An analysis of the different schools of thought in the comparison of the marx versus lenin

The Writings of Bertell Ollman Marx's Vision of Communism By Bertell Ollman I Marcuse argues that, in the middle of the twentieth century, utopia remains an impossible dream only to those theorists who use "the concept of 'utopia' to denounce certain socio-historical possibilities. Today's production of goods and knowledge, together with accompanying skills, have transformed the utopias of an earlier time into practical alternatives to our everyday existence. Recognition of these trends and their meaning has led to a renewed interest in Marx's vision of the communist society.

An analysis of the different schools of thought in the comparison of the marx versus lenin

An analysis of the different schools of thought in the comparison of the marx versus lenin

In The Wealth of NationsSmith argued that the most important characteristic of a market economy was that it permitted a rapid growth in productive abilities. Smith claimed that a growing market stimulated a greater " division of labor " i. Although Smith generally said little about laborers, he did note that an increased division of labor could at some point cause harm to those whose jobs became narrower and narrower as the division of labor expanded.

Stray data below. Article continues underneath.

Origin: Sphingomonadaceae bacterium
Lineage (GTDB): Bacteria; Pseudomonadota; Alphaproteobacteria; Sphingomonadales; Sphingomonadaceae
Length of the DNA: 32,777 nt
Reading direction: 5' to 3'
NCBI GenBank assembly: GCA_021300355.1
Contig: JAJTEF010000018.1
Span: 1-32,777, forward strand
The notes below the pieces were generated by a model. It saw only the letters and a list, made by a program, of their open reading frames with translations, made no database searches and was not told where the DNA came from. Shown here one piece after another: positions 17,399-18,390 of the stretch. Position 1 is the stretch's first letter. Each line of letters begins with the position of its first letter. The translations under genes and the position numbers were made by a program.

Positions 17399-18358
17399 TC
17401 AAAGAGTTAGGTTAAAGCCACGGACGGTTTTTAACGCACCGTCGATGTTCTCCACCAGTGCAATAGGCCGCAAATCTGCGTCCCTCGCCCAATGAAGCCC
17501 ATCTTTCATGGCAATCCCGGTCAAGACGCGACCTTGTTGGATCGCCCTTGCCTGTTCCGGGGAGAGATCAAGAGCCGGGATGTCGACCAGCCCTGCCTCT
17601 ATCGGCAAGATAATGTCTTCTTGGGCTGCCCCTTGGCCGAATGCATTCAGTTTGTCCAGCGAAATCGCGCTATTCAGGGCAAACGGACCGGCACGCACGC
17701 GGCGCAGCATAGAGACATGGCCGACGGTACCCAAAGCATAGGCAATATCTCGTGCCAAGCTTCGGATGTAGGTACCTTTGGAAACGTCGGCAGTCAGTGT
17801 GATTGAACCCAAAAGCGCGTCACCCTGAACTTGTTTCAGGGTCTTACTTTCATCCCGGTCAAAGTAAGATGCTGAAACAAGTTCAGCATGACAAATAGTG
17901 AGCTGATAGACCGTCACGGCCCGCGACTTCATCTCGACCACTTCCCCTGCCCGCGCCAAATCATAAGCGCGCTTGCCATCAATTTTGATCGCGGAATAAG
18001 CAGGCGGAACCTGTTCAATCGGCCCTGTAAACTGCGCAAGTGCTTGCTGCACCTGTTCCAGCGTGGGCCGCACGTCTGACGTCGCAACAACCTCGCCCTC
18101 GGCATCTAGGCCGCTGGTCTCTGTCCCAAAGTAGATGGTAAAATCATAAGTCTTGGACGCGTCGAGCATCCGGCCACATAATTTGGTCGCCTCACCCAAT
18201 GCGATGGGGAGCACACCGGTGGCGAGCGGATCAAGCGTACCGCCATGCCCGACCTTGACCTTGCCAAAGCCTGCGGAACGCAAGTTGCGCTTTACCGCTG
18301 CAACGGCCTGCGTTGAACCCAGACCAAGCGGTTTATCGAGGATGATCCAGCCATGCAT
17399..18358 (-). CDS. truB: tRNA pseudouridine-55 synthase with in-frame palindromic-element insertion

Smith maintained that a laissez-faire economy would naturally correct itself over time. Marx followed Smith by claiming that the most important beneficial economic consequence of capitalism was a rapid growth in productivity abilities.

Marx also expanded greatly on the notion that laborers could come to harm as capitalism became more productive. Additionally, Marx noted in Theories of Surplus Value: In their view, it is only one definite kind of concrete labour—agricultural labour—that creates surplus-value But to Adam Smith, it is general social labour — no matter in what use-values it manifests itself — the mere quantity of necessary labour, which creates value.

Surplus-value, whether it takes the form of profit, rent, or the secondary form of interest, is nothing but a part of this labour, appropriated by the owners of the material conditions of labour in the exchange with living labour". Malthus' claim in An Essay on the Principle of Population that population growth was the primary cause of subsistence level wages for laborers provoked Marx to develop an alternative theory of wage determination.

Whereas Malthus presented an ahistorical theory of population growth, Marx offered a theory of how a relative surplus population in capitalism tended to push wages to subsistence levels.

Marx saw this relative surplus population as coming from economic causes and not from biological causes as in Malthus. This economic-based theory of surplus population is often labeled as Marx's theory of the reserve army of labour. Ricardo developed a theory of distribution within capitalism—that is, a theory of how the output of society is distributed to classes within society.

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The most mature version of this theory, presented in On the Principles of Political Economy and Taxationwas based on a labour theory of value in which the value of any produced object is equal to the labor embodied in the object and Smith too presented a labor theory of value, but it was only incompletely realized.